Spirit’s residential warranty is generous, but they also offer light-commercial and commercial guarantees for this bike too – the only difference is in the frame guarantee (15 years light-commercial, 10 years commercial).
Overall, I think Spirit does a great job when it comes to this warranty and the fact that they back it with a commercial guarantee too speaks volumes to how well-built it is.
The Spirit CIC850 comes with the following features:
LCD console- the console on this cycle is pretty simple and quite dated looking. It displays all your workout metrics and is easy enough to read, but there aren’t any built-in workouts or anything like that. It does display watt output though, which is nice. It’s battery operated, so you don’t have to worry about plugging it in either.
Bluetooth- oh, the console is also bluetooth compatible, allowing you to connect to fitness apps like Zwift, which gives you a lot of different workout options.
Tablet holder- and with a large, convenient to use tablet holder, you could easily follow other fitness apps (like Peloton, iFit, or any other one you choose) or watch Netflix as you ride.
Dual-sided pedals- the pedals on the CIC850 are SPD compatible on one side and have a toe cage on the other. This means you can wear cleats or sneakers, as you prefer.
Fully adjustable seat- you can adjust the height and fore/aft position of the seat, making it easy to find a comfortable riding position.
Fully adjustable handlebars- you can adjust the height and fore/aft position of the handlebars too, for even more customization.
Heart rate monitoring- I forgot to mention this earlier, but the console is compatible with strap heart rate monitors too (one not included with purchase).
Dumbbell holders- there’s a rack in the rear of the bike where you can place two small dumbbells for easy access while riding.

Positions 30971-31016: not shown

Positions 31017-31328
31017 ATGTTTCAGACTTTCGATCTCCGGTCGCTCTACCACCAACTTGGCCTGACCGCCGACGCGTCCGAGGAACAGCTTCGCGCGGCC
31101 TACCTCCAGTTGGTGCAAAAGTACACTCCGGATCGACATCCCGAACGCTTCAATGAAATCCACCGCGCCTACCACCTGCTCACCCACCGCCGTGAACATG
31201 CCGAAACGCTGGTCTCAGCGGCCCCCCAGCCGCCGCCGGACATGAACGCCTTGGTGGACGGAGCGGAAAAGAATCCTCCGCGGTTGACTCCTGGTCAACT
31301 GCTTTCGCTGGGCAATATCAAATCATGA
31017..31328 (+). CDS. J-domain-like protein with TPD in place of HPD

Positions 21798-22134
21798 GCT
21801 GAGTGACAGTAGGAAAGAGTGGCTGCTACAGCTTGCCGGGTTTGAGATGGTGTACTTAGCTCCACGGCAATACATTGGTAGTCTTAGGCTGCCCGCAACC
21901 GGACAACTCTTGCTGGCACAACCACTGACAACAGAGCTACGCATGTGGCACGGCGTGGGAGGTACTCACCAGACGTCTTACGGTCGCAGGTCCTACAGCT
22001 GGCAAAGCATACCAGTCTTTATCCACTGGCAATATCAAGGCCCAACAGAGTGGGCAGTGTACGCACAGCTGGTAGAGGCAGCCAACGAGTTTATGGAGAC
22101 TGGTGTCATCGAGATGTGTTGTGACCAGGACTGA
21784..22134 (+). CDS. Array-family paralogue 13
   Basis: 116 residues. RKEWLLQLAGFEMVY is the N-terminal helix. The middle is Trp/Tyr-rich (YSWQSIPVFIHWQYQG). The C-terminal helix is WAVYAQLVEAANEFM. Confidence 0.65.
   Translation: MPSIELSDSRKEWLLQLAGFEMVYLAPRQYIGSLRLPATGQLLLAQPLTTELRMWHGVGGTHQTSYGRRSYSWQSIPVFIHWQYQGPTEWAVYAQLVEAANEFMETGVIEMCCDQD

Dual water bottle holders- there’s also room to hold two water bottles, so you won’t have to worry about running dry on those longer rides.
Alright, before I finish things off here, I want to talk a little more about price.
At the time of writing this, Spirit doesn’t list a sales price for their CIC850, but you can find it on Fitness Factory for $1,799 and they usually have as low a price as anyone.
At roughly $1800, this cycle is priced competitively for a high-end indoor cycle, especially considering plenty of high-end cycles cost $2-4k.
But at this price, the CIC850 has a lot of competition.
I’ve mentioned the Peloton and NordicTrack’s Commercial S22i already because they are both right around the same price, but they’re both streaming cycles and the CIC850 isn’t.
So, if you want a huge HD console, the CIC850 obviously isn’t the right option, so I don’t want to spend any more time comparing this cycle to those streaming bikes.
Instead, I want to look at other non-streaming cycles in this price range.
The first obvious competitor is Keiser’s M3i, which at the time of writing this costs around $2,400.
This is quite a bit more, but the M3i utilizes a fast-spinning, lightweight flywheel and is generally considered one of the top indoor cycles in the world.
Although when you look at the specs, the CIC850 is pretty comparable (except for the flywheel weight)- both have micro-adjustable magnetic resistances, fairly simple consoles, dual-compatible pedals, adjustable seats/handlebars.
There’s also ICG’s IC2, which is priced very similarly at $1859 (with console).
The IC2 comes from a great brand and has a heavy flywheel, but it uses a friction brake resistance, isn’t as heavy-duty, and its warranty is shorter.
All things considered, I think the CIC850 holds its own quite well with any other high-end cycle in this price range.
Ok, I think that’ll do it for the CIC850.
I really don’t have much to complain about here, I think this cycle has a lot going for it.
The fact that it’s a Spirit product is an immediate plus for me because I like the brand, but this bike’s specs are legit.
I like the heavy, rear-mounted flywheel, the heavy-weight frame, and dual-compatible pedals.
And that warranty speaks for itself.
The only downsides I see is that I think some folks will be put off by the micro-adjustable resistance system and that console is really dated.
Otherwise, I think the CIC850 would make a great choice for experienced riders looking for a quality, non-streaming cycle that won’t break the bank.
And if you like this bike, but are working with a smaller budget, you might want to check out Diamondback’s 1260sc.